Basically, anything that fits the “one-for-one” concept, i.e. I give you one USD, you give me one token. This exchange happens outside of the blockchain, hence the off-chain description, and takes place instead at a centralised entity. In the case of USDC, for instance, Circle is the company that is generating the tokens. Give Circle your money, they give you USDC.
On-chain collateralized stablecoins
The collateral used to back the token can be viewed online in a transparent manner. When DAI first started out, it was minted by depositing ETH, BTC, and other less-volatile cryptos.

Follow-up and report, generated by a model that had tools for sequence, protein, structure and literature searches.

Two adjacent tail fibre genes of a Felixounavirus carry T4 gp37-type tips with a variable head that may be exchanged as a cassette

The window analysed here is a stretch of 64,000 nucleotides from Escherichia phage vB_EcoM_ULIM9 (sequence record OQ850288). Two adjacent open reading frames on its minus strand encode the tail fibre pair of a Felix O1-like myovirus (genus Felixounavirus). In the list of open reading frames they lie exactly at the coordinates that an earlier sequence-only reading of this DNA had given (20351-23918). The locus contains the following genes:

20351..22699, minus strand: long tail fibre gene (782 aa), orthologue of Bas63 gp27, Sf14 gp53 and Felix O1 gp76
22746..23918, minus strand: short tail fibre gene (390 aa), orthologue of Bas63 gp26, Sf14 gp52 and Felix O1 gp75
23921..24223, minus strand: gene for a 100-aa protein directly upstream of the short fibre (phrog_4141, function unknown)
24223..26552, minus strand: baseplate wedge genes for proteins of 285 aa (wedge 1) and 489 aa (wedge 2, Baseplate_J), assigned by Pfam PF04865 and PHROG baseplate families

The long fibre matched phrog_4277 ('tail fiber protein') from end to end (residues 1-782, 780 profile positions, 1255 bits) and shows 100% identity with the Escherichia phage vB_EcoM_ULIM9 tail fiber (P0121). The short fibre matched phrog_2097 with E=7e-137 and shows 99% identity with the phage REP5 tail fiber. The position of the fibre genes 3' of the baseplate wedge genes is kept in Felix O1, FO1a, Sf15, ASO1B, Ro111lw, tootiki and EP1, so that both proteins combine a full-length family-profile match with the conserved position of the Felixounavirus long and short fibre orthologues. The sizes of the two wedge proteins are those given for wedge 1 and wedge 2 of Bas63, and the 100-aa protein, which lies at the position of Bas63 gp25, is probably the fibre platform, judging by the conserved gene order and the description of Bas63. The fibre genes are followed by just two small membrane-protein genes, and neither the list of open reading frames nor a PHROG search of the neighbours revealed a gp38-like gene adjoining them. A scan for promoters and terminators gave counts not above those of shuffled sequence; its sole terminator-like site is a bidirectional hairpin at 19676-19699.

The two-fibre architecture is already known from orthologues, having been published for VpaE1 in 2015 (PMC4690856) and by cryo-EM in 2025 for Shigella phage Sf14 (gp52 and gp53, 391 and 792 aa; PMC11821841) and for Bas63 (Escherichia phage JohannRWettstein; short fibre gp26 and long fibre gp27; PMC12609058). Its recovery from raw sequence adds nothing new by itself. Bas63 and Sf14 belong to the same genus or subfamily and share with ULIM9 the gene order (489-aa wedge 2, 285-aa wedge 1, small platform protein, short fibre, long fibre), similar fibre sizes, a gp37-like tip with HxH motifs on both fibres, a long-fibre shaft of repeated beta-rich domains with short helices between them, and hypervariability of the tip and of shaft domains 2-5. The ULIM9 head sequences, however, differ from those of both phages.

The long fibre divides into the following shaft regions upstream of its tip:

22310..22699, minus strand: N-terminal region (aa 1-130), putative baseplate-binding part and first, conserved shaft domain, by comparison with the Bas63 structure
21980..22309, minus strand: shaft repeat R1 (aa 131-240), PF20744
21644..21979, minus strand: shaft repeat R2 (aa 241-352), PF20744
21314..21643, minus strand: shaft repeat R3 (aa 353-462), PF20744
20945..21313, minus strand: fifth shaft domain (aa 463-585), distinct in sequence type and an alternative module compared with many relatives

Non-collateralized stablecoins/ Algorithmic Stablecoins
As the name implies, there’s no collateral involved in this type of stablecoin. What maintains its stability is an algorithm, which determines how much or little of the stablecoin should be in circulation based on market supply and demand. The rules of the algorithm are backed by smart contracts, and can only be changed based on consensus using governance tokens. Aside from actions that directly affect the supply, such as minting and burning, oracle contracts are also included.
These contracts, which consider a minimum of 6 sources, obtain real-world pricing of the stablecoin in the market. When 3 out of the 6 sources’ information has been confirmed, only then is the information fed to the rebase contract, which decides whether to mint or burn more to maintain equilibrium.